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Finding Your Strengths

May 9


About This Episode

(Season 5, Episode 19)

Finding your character strengths can help improve your life and emotional well-being, as well as meet the challenges and difficulties you are facing.

Some frameworks and assessments for identifying our strengths focus on workplace performance, but Character Strengths can be applied to any situation, leading to positive emotions, engagement, meaning, positive relationships, and accomplishment.

In this episode, Jessica Beckendorf tells us more about Character Strengths and guides us through a practice to help us find our strengths.



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Bob Bertsch: Finding your character strengths can help improve your life and emotional well-being, as well as meet the challenges and difficulties you are facing. Hi, everyone. This is Bob Bertsch, and welcome to this week’s Practicing Connection Practicast, where we highlight a specific practice you can use in your life and work. Some frameworks and assessments for identifying our strengths focus on workplace performance, but character strengths can be applied to really any situation, leading to positive emotions, engagement, meaning, positive relationships, and accomplishment. My Practicing Connection co-host, Jessica Beckendorf, will be guiding us through a practice connected to character strengths in just a few minutes. First, let’s learn more about them. Hi, Jessica. Can you help us understand what character strengths are?

Jessica Beckendorf: I will do my best. Yes, of course I can. Character strengths are the positive traits behind our thinking, feeling, and behaviors. They’re a reflection of who we are, and they produce positive results, both for ourselves and for others. They’re the traits that we possess, which contribute to the collective good, in other words. It’s a strengths-based approach, pun intended, to understanding what’s best about ourselves and what’s best about human beings in general.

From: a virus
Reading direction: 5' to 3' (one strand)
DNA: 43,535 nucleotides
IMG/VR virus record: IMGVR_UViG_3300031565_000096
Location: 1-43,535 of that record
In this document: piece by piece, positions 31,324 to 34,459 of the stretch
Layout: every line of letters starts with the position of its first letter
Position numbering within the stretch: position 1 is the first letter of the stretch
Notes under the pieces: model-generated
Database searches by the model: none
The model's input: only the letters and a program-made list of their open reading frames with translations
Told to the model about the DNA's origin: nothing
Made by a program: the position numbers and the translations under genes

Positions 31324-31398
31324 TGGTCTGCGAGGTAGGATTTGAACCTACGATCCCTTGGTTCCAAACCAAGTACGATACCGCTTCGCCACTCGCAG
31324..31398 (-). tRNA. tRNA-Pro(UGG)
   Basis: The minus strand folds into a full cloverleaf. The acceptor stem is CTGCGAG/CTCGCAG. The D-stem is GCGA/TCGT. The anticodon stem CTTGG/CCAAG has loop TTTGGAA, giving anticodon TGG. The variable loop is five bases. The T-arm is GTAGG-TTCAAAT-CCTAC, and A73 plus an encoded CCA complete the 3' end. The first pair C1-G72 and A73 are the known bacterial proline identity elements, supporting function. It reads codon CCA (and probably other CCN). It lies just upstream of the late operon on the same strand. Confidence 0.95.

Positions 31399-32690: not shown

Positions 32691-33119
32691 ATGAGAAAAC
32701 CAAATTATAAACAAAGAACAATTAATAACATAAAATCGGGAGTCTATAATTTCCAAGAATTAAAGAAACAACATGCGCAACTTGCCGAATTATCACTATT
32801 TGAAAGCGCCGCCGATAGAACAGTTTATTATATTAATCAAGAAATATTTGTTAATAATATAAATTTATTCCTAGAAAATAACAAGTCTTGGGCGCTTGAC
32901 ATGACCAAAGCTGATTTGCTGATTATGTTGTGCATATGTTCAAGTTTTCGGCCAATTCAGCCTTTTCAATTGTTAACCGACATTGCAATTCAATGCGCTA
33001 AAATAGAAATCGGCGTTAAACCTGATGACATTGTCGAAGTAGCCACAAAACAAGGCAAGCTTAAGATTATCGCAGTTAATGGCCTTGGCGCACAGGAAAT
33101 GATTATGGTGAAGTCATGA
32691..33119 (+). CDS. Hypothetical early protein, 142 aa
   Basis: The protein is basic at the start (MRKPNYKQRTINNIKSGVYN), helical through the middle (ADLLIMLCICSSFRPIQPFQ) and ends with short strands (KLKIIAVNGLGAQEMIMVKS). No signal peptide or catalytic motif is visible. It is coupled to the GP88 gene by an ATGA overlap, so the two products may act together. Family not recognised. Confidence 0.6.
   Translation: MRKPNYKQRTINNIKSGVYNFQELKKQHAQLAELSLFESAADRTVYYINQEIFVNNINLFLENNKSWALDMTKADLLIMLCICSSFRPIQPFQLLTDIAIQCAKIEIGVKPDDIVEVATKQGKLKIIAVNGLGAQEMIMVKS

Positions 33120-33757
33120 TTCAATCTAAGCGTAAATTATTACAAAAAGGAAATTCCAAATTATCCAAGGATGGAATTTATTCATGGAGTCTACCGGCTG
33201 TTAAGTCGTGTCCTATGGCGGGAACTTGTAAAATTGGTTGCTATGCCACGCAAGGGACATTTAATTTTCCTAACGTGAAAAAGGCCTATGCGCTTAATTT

The research on character strengths really took off in the 1990s to 2000s with researchers Christopher Peterson and Martin Seligman, who led 55 scientists on the collaborative development of the VIA Character Survey, which we’ll provide access to in the show notes. These scientists spoke to many thousands of people across the globe, even speaking with people in some of the most remote regions, in order to ensure that they captured the traits that would be recognized and understood by all.

What they found were a collection of 24 strengths that were organized into six virtues. There’s the virtue of wisdom, which includes the strengths of creativity, curiosity, judgment, love of learning, and perspective. There’s the virtue of courage, which includes the strengths of bravery, perseverance, honesty, and zest. The virtue of humanity, which includes the strengths of love, kindness, and social intelligence. Justice, which includes the strengths of teamwork, fairness, and leadership. The virtue of temperance, which includes forgiveness, humility, prudence, and self-regulation as strengths. The virtue of transcendence, which includes the strengths of appreciation of beauty and excellence, gratitude, hope, humor, and spirituality.

Character strengths, the strengths themselves, are like the pathways to the virtues. I personally think that this is a great frame to reflect on our strengths. For example, if humor is one of your top strengths, how does your expression of it contribute to the virtue of transcendence? Thinking about and reflecting on that.